Am I the only one who finds it head-scratching that President Joe Biden, who wants to spend $2 trillion of taxpayer money on “infrastructure,” is the same president whose first act in the White House was to kill a multibillion-dollar oil and gas pipeline that would create some 15,000 jobs?
The Keystone XL pipeline that he canceled was vital to our energy infrastructure and wasn’t going to cost taxpayers a penny.
The Biden infrastructure plan is a head fake. The agenda here isn’t about creating “millions of new jobs.” It’s a declaration of war against one of the largest sources of new jobs in the United States: our domestic energy producers.
Some 80 percent of our energy today comes from fossil fuels, and well more than half of it comes from oil and natural gas.
I wonder if Joe Biden—or anyone on his energy team—knows that. Do they know that in the last week of 2020, during President Donald Trump’s final weeks in office, the United States imported zero barrels of oil from Saudi Arabia for the first time in 35 years?
America became the world’s largest energy exporter under Trump, and it wasn’t because of big conglomerates such as Exxon Mobil Corp. or BP, who do a lot of their drilling outside of the United States. It was “wildcatters,” with their hydraulic fracturing operations entirely situated within the United States, that nearly doubled domestic drilling. Such smaller enterprises don’t have complex “global footprints.”
As a White House economics adviser, I used to discuss energy policy with Trump. I would tell him that we should strive to make America “energy-independent.” But he would chastise me and insist, “I want to make America energy-dominant.”
This saved the country more than $200 billion a year—money that used to flow to the Saudis, Iran, and OPEC nations, many of whom hate us. Trump wanted our oil and gas to come from Texas, Oklahoma, Ohio, and Pennsylvania, and he consulted regularly with on-the-ground experts such as Harold Hamm, the president of Continental Resources and the largest driller of the Bakken shale in energy-rich North Dakota.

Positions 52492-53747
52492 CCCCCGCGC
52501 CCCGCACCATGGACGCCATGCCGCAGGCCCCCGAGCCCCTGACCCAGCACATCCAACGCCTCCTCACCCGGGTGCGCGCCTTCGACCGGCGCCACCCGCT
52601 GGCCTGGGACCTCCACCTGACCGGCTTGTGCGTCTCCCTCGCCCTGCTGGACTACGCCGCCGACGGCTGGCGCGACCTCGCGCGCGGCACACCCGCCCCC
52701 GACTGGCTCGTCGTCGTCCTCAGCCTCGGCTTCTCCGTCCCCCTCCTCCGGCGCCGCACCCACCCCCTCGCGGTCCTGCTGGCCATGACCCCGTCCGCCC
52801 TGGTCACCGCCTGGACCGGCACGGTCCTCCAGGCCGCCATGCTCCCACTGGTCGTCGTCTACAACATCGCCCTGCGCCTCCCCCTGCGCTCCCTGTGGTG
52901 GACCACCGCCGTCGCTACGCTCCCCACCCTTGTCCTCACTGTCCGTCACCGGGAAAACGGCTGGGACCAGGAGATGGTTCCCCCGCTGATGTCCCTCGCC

When America eliminated its dependency on foreign producers, it also lowered energy prices for the poorest Americans, with gas prices in many states falling to below $2 a gallon. As I write, gas prices are hitting $4 a gallon in many states.
The quest for energy dominance also yielded massive job gains. The number of Americans directly employed by oil and gas producers hit 800,000 last year. The domestic oil and gas industry accounted for a larger share of all new jobs created in the first five years coming out of the 2008 financial crisis than any other industry. Many truckers and drillers in the oil patch make $100,000 a year or more—far more than workers installing solar panels.
Biden and his media and technocratic allies view domestic energy production as a villain to vanquish. They are prepared to sacrifice the industry and its workers on the altar of climate and “sustainability.” The left sees job losses in this industry as a small price to achieve its—unreachable—goal of zero carbon emissions by 2035.
As a presidential candidate, Biden promised he wouldn’t push those workers into unemployment, and he even went so far as to endorse fracking. Now, he’s banning drilling on federal lands in many states, even though we have tens of trillions of dollars of energy resources.
Let’s have a grown-up discussion on energy policy. The United States is going to continue to use oil and gas for decades to come. Today, only 10.7 percent of our energy comes from wind and solar power. Approximately 2 percent of the cars on the road are electric vehicles. Even if that were to rise by tenfold over the next decade, we will still have 80 percent of cars using good old gasoline. If we don’t produce the oil and gas here, we are going to fill our tanks with oil and gas from the Middle East or Russia.
Biden must put jobs first and stop treating our domestic oil and gas producers as the enemies of progress. Oil and natural gas power our computers, our cars and trucks, our factories, our furnaces, our cellphones—and all that our $22 trillion industrial economy encompasses.
To “build back better,” let those producers be part of an “all-of-the-above” clean, cheap, and reliable all-America energy policy.
Stephen Moore is an economics journalist, author, and columnist. The latest of many books he co-authored is “Trumponomics: Inside the America First Plan to Revive Our Economy.” Currently, Moore is also the chief economist for the Institute for Economic Freedom and Opportunity.
Views expressed in this article are the opinions of the author and do not necessarily reflect the views of The Epoch Times.